Menu

Food Craving as Strong as Drug Craving

Brain's Food Craving Same as Addicts' Drug Craving

Medically Reviewed by Brunilda Nazario, MD on April 21, 2004

April 21, 2004 -- Normal people crave food the same way addicts crave drugs, a new study shows.

Using sophisticated brain scans, researchers at Brookhaven National Laboratory find that just the sight and smell of food makes a hungry person's brain look like the brain of an addict craving drugs.

Earlier studies show that the brains of obese people -- like those of drug addicts -- are low on dopamine receptors. Dopamine is a brain chemical involved in feeling pleasure and reward. Having low numbers of receptors may be a way to compensate for chronically high levels of dopamine triggered by overeating or addictions. It might also be that low levels of receptors are what makes them more vulnerable to their addictive behaviors, say researchers.

The new findings show that constant exposure to food advertising -- and food itself -- makes our craving worse. Obese people may find this craving unbearable.

"These results could explain the deleterious effects of constant exposure to ... advertising, candy machines, food channels, and food displays in stores," study researcher Gene-Jack Wang, MD, says in a news release.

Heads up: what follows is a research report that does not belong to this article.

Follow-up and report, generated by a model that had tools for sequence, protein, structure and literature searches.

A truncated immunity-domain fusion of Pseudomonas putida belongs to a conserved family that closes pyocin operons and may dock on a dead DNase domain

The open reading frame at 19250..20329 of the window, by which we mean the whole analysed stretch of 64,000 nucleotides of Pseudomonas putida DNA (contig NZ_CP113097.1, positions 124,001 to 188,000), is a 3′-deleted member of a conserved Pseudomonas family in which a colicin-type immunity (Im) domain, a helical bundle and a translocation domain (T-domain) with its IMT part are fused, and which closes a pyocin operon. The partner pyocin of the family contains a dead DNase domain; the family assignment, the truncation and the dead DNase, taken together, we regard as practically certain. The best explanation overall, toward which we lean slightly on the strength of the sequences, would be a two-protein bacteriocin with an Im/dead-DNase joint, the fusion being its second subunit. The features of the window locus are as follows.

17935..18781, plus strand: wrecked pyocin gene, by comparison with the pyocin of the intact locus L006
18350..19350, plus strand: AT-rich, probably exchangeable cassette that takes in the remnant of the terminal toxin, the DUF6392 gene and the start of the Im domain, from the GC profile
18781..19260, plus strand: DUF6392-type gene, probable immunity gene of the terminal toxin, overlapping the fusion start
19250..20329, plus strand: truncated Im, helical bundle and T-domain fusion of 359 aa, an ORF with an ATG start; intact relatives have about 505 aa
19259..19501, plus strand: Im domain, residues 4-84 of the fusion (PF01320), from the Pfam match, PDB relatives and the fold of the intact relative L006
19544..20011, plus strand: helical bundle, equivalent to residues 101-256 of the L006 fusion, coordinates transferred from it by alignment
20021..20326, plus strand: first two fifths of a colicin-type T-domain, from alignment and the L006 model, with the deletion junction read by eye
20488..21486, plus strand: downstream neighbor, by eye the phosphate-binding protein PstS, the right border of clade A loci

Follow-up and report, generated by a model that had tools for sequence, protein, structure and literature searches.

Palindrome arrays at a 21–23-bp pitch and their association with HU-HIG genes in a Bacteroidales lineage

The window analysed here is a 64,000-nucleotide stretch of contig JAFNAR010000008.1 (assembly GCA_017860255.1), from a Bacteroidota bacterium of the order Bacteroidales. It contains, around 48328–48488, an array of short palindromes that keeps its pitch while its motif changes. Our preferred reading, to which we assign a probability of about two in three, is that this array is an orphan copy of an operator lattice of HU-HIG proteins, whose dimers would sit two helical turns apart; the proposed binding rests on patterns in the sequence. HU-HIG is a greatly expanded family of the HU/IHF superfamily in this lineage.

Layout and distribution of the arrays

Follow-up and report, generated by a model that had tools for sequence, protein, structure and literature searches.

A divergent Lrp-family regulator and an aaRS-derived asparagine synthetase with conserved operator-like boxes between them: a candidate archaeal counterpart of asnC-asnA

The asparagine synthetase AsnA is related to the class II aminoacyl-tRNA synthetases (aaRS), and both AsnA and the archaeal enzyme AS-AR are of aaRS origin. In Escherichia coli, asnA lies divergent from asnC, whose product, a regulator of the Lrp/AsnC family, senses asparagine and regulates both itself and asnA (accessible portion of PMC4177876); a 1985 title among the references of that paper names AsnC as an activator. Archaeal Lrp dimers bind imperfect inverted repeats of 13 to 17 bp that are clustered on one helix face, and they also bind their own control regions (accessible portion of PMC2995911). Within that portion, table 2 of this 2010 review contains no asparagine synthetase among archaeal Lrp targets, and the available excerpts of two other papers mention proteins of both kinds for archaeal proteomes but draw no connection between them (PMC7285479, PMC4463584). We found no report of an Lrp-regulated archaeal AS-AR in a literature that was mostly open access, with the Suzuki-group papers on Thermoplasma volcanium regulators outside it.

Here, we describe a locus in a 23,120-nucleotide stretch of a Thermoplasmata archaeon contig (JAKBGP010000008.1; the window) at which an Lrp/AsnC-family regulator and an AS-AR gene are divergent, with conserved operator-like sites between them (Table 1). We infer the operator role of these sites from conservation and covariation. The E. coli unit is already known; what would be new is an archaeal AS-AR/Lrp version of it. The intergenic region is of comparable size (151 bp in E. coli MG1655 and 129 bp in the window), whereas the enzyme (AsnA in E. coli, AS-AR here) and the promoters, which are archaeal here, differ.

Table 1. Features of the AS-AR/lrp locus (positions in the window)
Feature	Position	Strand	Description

Wang suggests that by constantly keeping our brains in craving mode, these "food stimuli" make it very, very hard for us to resist eating more than we need. The findings appear in the April issue of NeuroImage.

Food Craving Lights Up Brain

Wang's team enrolled 12 healthy, normal-weight volunteers. The subjects didn't eat for 17 to 19 hours before the study.

The researchers then tempted them with their favorite foods, warmed up to make it smell appetizing. Cruelly, they even swabbed the subjects' tongues with tiny tastes of food.

As one might expect, this torment made the subjects' brains light up on the brain scan -- particularly a region called the right orbitofrontal cortex. This part of the brain also becomes active in cocaine-craving addicts.

"The high sensitivity of this brain region to food stimuli, coupled with the huge number and variety of these stimuli in the environment, likely contributes to the epidemic of obesity in this country," Wang says.

Show Sources

SOURCES: Wang, G.-J. NeuroImage, April 2004; vol 21: pp 1790-1791. News release, Brookhaven National Laboratory.

© 2004 WebMD, Inc. All rights Reserved. View privacy policy and trust info